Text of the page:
Elsa Raven, 'Back to the Future' Actress, Dead at 91

Elsa Raven, the actress best known for her in Back to the Future, has died. Raven died at her Los Angeles-area home Tuesday at the age of 91. Her death, a cause of which was not announced, was confirmed by her agent David Shaul and first reported by Deadline.

Born Elsa Rabinowitz on Sept. 21, 1929, in Charleston, South Carolina, she chose Raven as her stage name. She began her acting career onstage in New York City before going on to appear in a number of Hollywood films, with her first big-screen role coming in 1970 with The Honeymoon Killers, where she played a matron. She went on to land several other roles, including as the realtor who sold the house in The Amityville Horror, John Malkovich's landlady in In the Line of Fire, Gertrude Stein in The Moderns, and a mother who lost her son in Fearless. One of her most memorable roles was in Back to the Future, a film in which she was seen shaking a donation box in front of Marty McFly and his girlfriend Jennifer as she advocated to "save the clock tower."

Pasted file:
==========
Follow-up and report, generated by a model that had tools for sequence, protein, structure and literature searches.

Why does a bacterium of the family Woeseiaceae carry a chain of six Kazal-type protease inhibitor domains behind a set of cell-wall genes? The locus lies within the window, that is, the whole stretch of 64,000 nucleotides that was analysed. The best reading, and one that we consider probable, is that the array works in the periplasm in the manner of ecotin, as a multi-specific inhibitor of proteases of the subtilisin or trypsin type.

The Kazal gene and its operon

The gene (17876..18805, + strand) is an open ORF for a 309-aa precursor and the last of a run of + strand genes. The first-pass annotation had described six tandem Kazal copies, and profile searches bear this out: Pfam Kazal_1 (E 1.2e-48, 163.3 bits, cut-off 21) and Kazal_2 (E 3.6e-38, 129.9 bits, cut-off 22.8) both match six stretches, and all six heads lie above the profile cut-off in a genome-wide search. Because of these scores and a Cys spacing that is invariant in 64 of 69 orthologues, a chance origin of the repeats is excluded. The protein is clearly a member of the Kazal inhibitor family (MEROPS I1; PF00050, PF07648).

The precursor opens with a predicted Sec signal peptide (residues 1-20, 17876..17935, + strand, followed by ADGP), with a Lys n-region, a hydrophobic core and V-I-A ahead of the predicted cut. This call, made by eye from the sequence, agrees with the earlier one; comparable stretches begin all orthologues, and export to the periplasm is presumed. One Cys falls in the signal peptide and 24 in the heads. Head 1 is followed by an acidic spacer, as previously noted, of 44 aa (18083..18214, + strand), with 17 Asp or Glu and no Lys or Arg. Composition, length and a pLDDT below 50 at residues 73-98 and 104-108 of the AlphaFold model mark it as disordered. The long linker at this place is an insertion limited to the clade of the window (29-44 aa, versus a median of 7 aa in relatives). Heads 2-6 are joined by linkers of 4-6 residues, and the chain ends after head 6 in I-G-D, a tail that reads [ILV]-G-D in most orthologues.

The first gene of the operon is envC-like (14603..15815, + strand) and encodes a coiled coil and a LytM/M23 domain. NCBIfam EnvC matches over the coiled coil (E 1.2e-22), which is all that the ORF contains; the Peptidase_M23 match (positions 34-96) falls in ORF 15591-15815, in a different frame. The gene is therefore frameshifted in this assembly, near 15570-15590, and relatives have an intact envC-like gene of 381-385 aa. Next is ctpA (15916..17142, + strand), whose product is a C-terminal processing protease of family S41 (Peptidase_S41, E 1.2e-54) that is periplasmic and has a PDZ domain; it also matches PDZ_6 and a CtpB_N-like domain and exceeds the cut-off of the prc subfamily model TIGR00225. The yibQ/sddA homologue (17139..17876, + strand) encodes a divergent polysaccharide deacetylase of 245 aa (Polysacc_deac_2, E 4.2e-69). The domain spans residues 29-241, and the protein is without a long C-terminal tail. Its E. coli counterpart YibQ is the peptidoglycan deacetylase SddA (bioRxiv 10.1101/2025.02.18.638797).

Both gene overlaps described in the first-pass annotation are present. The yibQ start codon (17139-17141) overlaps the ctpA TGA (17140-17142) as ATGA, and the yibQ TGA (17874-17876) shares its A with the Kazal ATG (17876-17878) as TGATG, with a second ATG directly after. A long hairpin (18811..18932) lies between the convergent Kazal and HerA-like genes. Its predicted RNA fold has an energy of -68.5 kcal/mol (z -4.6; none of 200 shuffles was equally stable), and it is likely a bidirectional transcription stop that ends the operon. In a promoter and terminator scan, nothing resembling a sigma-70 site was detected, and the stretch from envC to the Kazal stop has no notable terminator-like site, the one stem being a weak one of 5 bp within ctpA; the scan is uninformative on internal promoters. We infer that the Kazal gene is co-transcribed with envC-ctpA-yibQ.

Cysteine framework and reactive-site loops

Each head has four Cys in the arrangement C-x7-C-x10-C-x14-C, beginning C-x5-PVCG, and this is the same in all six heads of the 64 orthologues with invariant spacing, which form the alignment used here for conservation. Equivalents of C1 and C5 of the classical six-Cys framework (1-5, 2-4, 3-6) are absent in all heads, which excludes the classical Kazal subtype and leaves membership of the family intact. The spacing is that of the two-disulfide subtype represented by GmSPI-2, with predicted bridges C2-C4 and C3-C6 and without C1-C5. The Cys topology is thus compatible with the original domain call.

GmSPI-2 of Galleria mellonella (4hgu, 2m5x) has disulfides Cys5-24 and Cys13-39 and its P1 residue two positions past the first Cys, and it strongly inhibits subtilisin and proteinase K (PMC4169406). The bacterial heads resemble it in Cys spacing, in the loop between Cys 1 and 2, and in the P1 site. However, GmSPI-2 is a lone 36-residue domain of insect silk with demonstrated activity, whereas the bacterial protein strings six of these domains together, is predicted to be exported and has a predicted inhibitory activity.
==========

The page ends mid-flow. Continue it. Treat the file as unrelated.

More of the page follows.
Raven also appeared in James Cameron's Titanic as Ida Strauss. Although most of her scenes were cut from the final version of the 1997 film, she can still be seen in the Celine Dion video for "My Heart Will Go On" as one half of the older couple who lie together in bed in the stateroom as water pours in and the ship sinks.

The actress also has a number of TV credits to her name, including a 1992 appearance on The Fresh Prince of Bel-Air and a 1994 role on Seinfeld. Her most notable roles, however, were as a maid named Inga in 17 episodes of Amen from 1988 and 1990 and as Carlotta Terranova, Vinnie's mother, from 1987 to 1990 in Wiseguy. She also starred as Lucille on Days of Our Lives and as Tugboat Tessie on General Hospital.


Raven's final credit came in 2011 when she played a character named Mrs. Harrison in the film Answers to Nothing. Her other credits include Murphy Brown, Everybody Loves Raymond and Chicago Hope, among many more.

The actress was a voting member of the Academy of Motion Picture Arts and Sciences. She is survived by her sister-in-law, Lynne Rabinowitz, and her 15 nieces and nephews.